When Andy Kinnear recently lost a trusted and long-term colleague, he began thinking about legacy.

Here, he outlines three things that are more important than status, salary or office size, and why we must always see working for and with the NHS as a privileged opportunity to help others.



I went to the funeral of a dear friend and colleague yesterday. Kerrie was my HR manager and trusted counsel for many years. She saved me from treading on the thousands of HR landmines buried to catch newly appointed NHS managers with a working-class northern background and a bad habit of plain speaking. Over the years she became a friend, confidante and a source of ‘wise counsel’ on many occasions. Two years ago, she got pancreatic cancer and last month this awful disease took her life. She was 56.

In recent weeks, I talked a lot with Kerrie about her legacy. Her fabulous family, especially her two sons Josh and Jake, feature top of this list. But we also talked about her impact in the NHS. The hundreds of people Kerrie had helped down the years. First-time managers desperately trying to navigate the labyrinthine world of NHS HR rules. Members of staff facing personal crises in work or at home seeking advice and support. Often traumatic, these situations demanded expert handling but not in a cold controlling autobot ‘by the book’ fashion, but with care, tenderness and profound humanity.

We talked about how the skill in our jobs was to try to be the perfect combination of professional expert skilled in our chosen discipline, and caring human being understanding the trials others are facing and doing our best to help. This stuff is complex and nuanced. Rules are rules for sure, but their application requires shrewdness, sage wisdom, savvy and nous. Our legacy is created in the way we apply these soft skills for these are when we have most impact and will be most remembered.

I am 55 in December and, these days, I probably spend as much time looking back as I do looking forward. It is cathartic. I have reached a trillion conclusions but my thoughts about legacy often centre on three things:

Firstly, craving legacy rather than craving status is sanity-preserving thinking. ‘Status’ is often naively related to position on a structure diagram, job title, salary package or size of the office you occupy. All of that is largely fake and irrelevant. In truth, your status is a direct result of your behaviour, your approach, your attitude and, crucially, the impact you have on those around you.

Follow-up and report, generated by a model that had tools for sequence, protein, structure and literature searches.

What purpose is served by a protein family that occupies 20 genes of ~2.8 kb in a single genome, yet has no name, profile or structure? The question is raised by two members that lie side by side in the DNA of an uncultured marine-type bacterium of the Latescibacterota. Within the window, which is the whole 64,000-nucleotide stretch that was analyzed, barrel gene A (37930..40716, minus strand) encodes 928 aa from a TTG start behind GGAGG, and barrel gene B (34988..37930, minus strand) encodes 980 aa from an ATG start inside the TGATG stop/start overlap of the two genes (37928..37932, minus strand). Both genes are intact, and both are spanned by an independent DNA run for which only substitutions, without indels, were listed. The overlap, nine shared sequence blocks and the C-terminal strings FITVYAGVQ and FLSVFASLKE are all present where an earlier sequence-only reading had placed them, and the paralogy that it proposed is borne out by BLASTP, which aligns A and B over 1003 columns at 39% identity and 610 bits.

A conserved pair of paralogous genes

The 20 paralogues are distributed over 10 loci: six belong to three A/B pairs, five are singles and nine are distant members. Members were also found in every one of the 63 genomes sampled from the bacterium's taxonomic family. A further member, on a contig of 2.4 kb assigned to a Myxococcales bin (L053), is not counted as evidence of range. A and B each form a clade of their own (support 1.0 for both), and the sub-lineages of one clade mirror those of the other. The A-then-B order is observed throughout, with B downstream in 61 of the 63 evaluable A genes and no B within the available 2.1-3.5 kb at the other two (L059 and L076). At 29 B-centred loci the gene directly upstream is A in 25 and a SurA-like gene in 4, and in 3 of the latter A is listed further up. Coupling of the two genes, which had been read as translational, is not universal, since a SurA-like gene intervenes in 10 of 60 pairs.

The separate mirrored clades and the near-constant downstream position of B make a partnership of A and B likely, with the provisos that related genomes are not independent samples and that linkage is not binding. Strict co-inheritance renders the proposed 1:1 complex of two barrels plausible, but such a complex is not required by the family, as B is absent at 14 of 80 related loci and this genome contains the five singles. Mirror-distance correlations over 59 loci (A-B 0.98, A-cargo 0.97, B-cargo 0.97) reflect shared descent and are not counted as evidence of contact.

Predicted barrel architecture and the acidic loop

The NHS thinks it is a hierarchical construct with status defined by tiers on an organogram. But, in reality, it is the network of connected people that drives so much delivery, and your status is achieved by your impact in that network far more than anything else. Our legacy therefore becomes the impact we have through this network of connections and the positive change we drive as a result. Being motivated by wanting to create such a legacy is far more rewarding than seeking fancy titles or bigger offices.

Secondly, only the good people count. I have worked with some massive egos, conceited twerps, and self-appointed experts with PhDs in blabbering who have often been awarded honours for their services to the hot air industry – I know this because they tell me they have, repeatedly. At the time, I sometimes thought they counted and managed to find deference through gritted teeth. But now I realise how painful and irrelevant they were. The only people I remember now, those who have created a legacy in me, are the good people. The honest, caring, committed, kind and patient people who are working for our cause, our mission, our care professionals, patients and public. Their legacy is cemented in my head and heart, and I am grateful to them for it.

Finally, and most importantly, I am constantly struck by the most obvious statement of all – We only get one go! We get one chance at this gig, one era to make our mark, one time to call our own and one opportunity to create our legacy. It is so easy to believe there will be another chance or that we will get to do that thing one day.

Just stop for a second and think about this. In our working lives, we are amongst the most blessed in our society. We are the people who help to design and create the future of our health service. And not just any health service; this is the NHS, the proudest creation our nation has ever bestowed upon itself. I will not pretend what we do is easy, without challenge or complexity, but we should also recognise the privileged position we find ourselves in and appreciate the opportunity to create an amazing legacy. We really are very lucky.

As I talked with Josh and Jake at their mum’s funeral, two young men I was meeting for the first time despite ‘knowing’ them for 20+ years, I used the word legacy a lot. Kerrie was a wonderful person who left an amazing legacy in the NHS. We all have a chance to do the same and that makes us very lucky, I would say.